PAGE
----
Jason Callahan of Myrtle Beach, South Carolina, was only 19 in 1995 when he died in a car accident while traveling through Southern Virginia. The accident left Callahan with injuries that made him unrecognizable, and without any government identification, the only clues he left behind were two Grateful Dead concert tickets in his pocket. Dubbed “Grateful Doe,” Callahan’s case caught the attention of amateur internet detectives over the years, leading to pages devoted to uncovering his identity and computer-generated images of his face. It wasn’t until January 2015, after his family saw some of these images, that his mother filed the first missing person’s report since Callahan had left home in June 1995. Apparently, he had left to follow the Grateful Dead and his family simply assumed he was living happily away all of these years. In December, authorities confirmed his identification through DNA testing, ending a two-decade mystery.
11. Big Stone Gap finally hits the big screen.
Adriana Trigiani put her hometown of Big Stone Gap on the map years ago with a bestselling book series about life in this small coal mining community in Wise County. Finally, in 2015, those stories came to life on the big screen, highlighted by Hollywood stars like Ashley Judd, Patrick Wilson and Whoopi Goldberg. “Big Stone Gap,” which hit theaters on October 9, 2015, was shot primarily on location in town and today, visitors can take self-guided tours of sets and scenes, including the former gas station which still contains a soda fountain, tables and nostalgic wall posters used during filming.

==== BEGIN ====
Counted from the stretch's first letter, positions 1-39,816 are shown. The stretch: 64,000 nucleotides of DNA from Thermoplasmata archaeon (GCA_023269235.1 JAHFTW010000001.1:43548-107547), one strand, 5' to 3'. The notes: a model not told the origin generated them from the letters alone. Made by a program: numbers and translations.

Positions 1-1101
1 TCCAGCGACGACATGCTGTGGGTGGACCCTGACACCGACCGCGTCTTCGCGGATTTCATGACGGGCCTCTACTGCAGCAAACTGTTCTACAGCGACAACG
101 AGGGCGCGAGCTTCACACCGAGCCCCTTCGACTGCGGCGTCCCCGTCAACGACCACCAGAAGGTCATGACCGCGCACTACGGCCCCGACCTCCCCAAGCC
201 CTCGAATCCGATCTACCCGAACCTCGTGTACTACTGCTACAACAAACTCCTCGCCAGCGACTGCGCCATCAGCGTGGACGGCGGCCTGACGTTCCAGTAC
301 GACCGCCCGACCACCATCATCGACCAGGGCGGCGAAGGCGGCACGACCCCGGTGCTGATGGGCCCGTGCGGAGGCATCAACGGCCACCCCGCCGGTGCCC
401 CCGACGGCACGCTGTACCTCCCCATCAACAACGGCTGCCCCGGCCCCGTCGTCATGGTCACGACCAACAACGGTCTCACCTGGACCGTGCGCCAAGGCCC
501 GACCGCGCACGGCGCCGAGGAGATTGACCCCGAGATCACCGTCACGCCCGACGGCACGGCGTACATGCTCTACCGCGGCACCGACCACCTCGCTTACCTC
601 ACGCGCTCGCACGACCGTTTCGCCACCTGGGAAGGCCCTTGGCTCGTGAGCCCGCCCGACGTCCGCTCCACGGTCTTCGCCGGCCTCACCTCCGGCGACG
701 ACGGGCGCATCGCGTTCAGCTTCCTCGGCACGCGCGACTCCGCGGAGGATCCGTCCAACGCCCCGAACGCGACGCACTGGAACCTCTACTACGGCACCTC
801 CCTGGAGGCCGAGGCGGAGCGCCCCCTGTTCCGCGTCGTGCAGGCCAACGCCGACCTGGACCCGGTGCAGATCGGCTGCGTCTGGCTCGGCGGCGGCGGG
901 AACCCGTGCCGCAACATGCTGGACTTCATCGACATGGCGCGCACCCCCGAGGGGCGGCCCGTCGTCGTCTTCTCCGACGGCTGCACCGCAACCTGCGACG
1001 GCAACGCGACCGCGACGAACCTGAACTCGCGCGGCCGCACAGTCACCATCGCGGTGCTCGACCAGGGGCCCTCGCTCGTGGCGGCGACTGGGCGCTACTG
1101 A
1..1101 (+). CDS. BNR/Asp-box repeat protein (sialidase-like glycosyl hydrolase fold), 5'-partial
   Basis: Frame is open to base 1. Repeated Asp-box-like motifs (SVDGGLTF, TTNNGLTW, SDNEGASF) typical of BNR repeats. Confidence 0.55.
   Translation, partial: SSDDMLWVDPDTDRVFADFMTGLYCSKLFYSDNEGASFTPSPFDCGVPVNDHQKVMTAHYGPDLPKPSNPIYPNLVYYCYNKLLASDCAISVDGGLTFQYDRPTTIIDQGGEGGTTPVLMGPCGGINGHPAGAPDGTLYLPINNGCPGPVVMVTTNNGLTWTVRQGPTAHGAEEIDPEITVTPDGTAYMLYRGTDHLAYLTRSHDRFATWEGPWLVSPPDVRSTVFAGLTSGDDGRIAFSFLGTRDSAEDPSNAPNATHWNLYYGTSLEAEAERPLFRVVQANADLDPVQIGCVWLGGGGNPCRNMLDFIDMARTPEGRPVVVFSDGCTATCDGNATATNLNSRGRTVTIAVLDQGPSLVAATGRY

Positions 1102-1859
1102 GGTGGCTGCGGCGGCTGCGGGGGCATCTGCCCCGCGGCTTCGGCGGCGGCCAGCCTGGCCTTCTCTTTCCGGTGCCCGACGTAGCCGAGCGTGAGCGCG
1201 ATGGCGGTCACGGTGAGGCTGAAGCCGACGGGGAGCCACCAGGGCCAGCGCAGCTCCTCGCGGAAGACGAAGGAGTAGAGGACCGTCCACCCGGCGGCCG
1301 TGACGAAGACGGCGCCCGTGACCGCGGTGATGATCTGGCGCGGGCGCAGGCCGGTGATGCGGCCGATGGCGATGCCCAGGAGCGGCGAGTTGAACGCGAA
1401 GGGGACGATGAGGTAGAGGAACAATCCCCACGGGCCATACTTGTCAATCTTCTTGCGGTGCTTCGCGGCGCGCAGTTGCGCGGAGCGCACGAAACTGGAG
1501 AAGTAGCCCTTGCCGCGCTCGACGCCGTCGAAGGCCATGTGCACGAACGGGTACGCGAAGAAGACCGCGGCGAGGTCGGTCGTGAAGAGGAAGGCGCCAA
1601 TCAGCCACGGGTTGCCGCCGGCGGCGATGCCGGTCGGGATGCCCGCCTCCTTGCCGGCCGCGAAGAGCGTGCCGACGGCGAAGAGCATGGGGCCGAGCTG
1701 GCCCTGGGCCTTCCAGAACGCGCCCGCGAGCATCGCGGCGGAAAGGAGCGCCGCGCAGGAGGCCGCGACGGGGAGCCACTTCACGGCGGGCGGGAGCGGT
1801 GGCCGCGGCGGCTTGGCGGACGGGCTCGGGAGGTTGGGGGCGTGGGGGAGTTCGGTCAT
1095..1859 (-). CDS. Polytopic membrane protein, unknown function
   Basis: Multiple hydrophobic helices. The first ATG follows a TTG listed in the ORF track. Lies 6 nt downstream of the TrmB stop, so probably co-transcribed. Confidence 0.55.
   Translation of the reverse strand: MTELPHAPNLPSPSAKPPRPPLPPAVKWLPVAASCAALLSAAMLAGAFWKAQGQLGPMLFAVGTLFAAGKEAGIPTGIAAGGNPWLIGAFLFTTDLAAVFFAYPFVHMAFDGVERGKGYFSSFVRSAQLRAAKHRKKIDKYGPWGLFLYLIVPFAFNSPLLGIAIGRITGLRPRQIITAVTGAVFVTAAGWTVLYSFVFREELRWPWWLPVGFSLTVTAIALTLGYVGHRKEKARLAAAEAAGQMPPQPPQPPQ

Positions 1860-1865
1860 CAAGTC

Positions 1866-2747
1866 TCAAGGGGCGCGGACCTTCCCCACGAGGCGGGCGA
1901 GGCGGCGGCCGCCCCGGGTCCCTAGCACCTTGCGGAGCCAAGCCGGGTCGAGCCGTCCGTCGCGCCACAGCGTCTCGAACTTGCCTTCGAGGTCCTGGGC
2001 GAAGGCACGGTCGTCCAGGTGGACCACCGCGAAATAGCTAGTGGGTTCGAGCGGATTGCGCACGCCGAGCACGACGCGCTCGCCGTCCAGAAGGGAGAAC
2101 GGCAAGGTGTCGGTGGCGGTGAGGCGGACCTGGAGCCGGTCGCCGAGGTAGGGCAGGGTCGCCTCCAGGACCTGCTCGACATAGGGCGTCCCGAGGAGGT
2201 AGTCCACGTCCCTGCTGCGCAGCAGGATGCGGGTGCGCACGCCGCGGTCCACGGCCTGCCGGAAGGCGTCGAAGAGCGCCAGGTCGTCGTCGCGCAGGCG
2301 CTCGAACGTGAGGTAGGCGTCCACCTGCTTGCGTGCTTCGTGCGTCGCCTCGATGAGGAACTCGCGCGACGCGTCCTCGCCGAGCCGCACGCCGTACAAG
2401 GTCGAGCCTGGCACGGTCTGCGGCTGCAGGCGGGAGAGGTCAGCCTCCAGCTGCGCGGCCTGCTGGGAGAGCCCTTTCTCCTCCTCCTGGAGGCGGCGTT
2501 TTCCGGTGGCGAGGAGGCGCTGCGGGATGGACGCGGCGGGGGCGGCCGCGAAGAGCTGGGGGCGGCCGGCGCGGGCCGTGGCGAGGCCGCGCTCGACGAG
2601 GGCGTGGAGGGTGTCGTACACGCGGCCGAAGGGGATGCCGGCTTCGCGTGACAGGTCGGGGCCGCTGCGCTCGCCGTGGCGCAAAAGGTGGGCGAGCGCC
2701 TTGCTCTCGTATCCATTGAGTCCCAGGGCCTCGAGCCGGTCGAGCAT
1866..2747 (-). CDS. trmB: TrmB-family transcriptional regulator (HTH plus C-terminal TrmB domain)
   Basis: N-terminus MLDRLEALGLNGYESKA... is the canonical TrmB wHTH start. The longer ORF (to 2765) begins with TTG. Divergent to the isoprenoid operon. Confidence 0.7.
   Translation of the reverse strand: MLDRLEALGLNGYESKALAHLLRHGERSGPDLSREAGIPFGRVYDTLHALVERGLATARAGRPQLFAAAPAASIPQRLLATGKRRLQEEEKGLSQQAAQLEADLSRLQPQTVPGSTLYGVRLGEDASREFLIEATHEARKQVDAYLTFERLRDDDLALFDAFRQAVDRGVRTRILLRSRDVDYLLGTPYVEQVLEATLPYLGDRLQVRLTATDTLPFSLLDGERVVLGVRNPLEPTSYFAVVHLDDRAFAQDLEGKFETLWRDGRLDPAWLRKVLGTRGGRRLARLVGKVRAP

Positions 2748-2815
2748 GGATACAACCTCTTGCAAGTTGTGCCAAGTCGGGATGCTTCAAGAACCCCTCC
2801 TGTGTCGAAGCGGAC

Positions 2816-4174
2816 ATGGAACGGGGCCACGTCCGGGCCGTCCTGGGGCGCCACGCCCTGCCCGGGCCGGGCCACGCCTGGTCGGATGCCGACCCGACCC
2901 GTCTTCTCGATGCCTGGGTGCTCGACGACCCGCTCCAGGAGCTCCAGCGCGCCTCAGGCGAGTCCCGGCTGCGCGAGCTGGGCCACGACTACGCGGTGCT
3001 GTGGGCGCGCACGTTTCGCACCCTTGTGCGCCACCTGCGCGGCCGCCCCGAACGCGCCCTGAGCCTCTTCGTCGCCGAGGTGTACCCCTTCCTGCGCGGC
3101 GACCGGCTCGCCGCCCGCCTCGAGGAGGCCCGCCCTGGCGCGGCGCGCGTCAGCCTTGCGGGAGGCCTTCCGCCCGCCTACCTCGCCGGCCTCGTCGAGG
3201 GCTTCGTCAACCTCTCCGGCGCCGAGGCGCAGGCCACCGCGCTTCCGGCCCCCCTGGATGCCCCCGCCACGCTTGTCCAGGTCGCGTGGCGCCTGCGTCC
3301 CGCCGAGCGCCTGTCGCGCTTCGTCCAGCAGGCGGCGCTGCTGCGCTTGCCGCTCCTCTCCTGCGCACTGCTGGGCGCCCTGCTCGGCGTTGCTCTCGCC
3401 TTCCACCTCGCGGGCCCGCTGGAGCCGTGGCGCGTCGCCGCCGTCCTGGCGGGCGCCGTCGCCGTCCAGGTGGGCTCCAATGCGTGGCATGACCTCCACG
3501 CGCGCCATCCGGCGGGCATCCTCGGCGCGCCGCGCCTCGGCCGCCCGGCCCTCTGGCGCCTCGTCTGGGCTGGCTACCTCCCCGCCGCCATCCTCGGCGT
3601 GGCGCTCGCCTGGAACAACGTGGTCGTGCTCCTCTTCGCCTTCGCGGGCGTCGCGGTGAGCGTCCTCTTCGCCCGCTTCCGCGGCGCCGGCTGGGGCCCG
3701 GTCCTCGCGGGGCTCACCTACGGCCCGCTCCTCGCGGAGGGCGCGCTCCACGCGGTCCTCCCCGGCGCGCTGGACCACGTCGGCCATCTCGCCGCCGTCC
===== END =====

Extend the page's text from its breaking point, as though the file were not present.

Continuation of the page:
12. A Virginia Beach traffic jam turns into a party.
When a traffic jam on I-264 turned to gridlock in May of this year, people decided to make the most of it. An ice cream truck started passing out ice cream, drivers got out of their cars and tossed a football and a local Norfolk band did what any band would do. They got out of their van and played a concert. The Hot Brass Gumbo Band kept the gridlock from getting too gritty with a 40-minute concert while emergency crews responded to the scene of an accident that had put traffic at a standstill.
Do you have a favorite news story from 2015? We would love to hear about it in the comments below!